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[LOS ANGELES] The benefits of breastfeeding outweigh the risks of virus transmission from HIV-positive mothers to their children, according to studies conducted in four African nations.
The studies were presented at the Conference on Retroviruses and Opportunistic Infections in Los Angeles, United States, this week (25–28 February).
A study in Zambia showed that exclusive breastfeeding ― where a child is fed only breast milk ― beyond a set time period of four months did not increase the risk of HIV transmission. The study was a collaboration between US universities and University Teaching Hospital in Lusaka, Zambia.
Other studies suggested that continued exclusive breastfeeding could actually improve the survival rate of HIV-positive children.
Three studies in Malawi, Kenya and Uganda, sponsored by the US Centers for Disease Control and Prevention, found that stopping exclusive breastfeeding a few months after birth increased the risk of severe diarrhoea in the infant.
The Malawi study, of over 3,000 infants, reported that the risk of diarrhoea-related death doubled and the incidence of hospitalisation for diarrhoea was thirty times higher if breastfeeding was stopped early.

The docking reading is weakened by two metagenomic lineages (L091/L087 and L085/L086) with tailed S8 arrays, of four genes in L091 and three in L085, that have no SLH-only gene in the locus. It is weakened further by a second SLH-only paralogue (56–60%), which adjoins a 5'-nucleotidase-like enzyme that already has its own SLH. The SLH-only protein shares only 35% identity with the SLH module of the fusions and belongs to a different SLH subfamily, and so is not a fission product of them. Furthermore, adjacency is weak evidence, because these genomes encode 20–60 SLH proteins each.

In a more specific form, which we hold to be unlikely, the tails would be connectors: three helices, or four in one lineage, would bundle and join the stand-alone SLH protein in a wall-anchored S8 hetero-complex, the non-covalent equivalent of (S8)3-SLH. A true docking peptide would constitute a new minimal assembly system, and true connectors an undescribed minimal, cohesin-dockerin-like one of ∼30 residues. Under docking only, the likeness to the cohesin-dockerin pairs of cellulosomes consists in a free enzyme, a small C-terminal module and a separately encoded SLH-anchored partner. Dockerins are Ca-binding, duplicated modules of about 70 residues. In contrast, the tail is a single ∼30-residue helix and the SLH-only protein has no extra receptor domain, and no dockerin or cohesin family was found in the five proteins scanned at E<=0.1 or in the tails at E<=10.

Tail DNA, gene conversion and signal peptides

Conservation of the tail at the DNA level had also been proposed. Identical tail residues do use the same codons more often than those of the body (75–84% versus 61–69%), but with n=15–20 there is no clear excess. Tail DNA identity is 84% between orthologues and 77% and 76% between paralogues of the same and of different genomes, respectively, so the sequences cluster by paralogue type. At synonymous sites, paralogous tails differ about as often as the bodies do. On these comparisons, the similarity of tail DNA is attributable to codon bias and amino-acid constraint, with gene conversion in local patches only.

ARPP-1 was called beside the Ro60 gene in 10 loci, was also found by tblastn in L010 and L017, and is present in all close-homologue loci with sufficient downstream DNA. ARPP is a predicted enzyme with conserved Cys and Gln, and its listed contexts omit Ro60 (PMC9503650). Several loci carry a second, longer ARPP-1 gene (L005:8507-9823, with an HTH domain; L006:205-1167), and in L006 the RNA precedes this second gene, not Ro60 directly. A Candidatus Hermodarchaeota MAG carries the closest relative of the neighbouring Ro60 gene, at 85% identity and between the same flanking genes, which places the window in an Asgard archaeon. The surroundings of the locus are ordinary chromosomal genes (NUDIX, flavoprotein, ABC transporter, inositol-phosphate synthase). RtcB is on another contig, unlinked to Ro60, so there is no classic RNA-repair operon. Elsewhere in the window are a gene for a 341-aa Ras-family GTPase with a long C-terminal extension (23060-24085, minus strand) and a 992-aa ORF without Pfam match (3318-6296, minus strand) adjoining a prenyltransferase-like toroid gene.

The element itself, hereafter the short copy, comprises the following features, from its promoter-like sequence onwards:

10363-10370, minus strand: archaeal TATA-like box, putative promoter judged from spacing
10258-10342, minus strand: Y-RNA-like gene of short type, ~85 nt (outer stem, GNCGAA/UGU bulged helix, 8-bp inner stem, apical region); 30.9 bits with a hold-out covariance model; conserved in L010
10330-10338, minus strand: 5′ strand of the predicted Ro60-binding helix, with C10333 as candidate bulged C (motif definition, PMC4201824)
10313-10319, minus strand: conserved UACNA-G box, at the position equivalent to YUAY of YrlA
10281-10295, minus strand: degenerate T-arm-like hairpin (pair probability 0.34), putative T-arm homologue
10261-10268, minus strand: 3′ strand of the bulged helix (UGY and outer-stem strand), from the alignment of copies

Speaking at the conference, Hoosen Coovadia, from the University of KwaZulu-Natal, South Africa, illustrated the difficult balance that must be struck.
He said that if women in developing countries were advised to continue exclusive breastfeeding, 300,000 children would become infected with HIV each year — but 1.5 million deaths from common diseases such as diarrhoea would be averted.
“So on the balance of probabilities for poor women in the developing world, there is no other choice [than to continue breastfeeding],” Coovadia said.
Many national government guidelines are based on a 2006 WHO statement which recommends that HIV-positive women breastfeed for six months if no alternative is available.
But Moses Sinkala, previously of the Zambian Ministry of Health, said that the recommendations are difficult for mothers to interpret. He said there is a need for clearer information on the consequences of continued breastfeeding, which the Zambian study went some way to addressing.“What we have learnt from this study is that breast milk is more than just food for the baby,” Sinkala told SciDev.Net.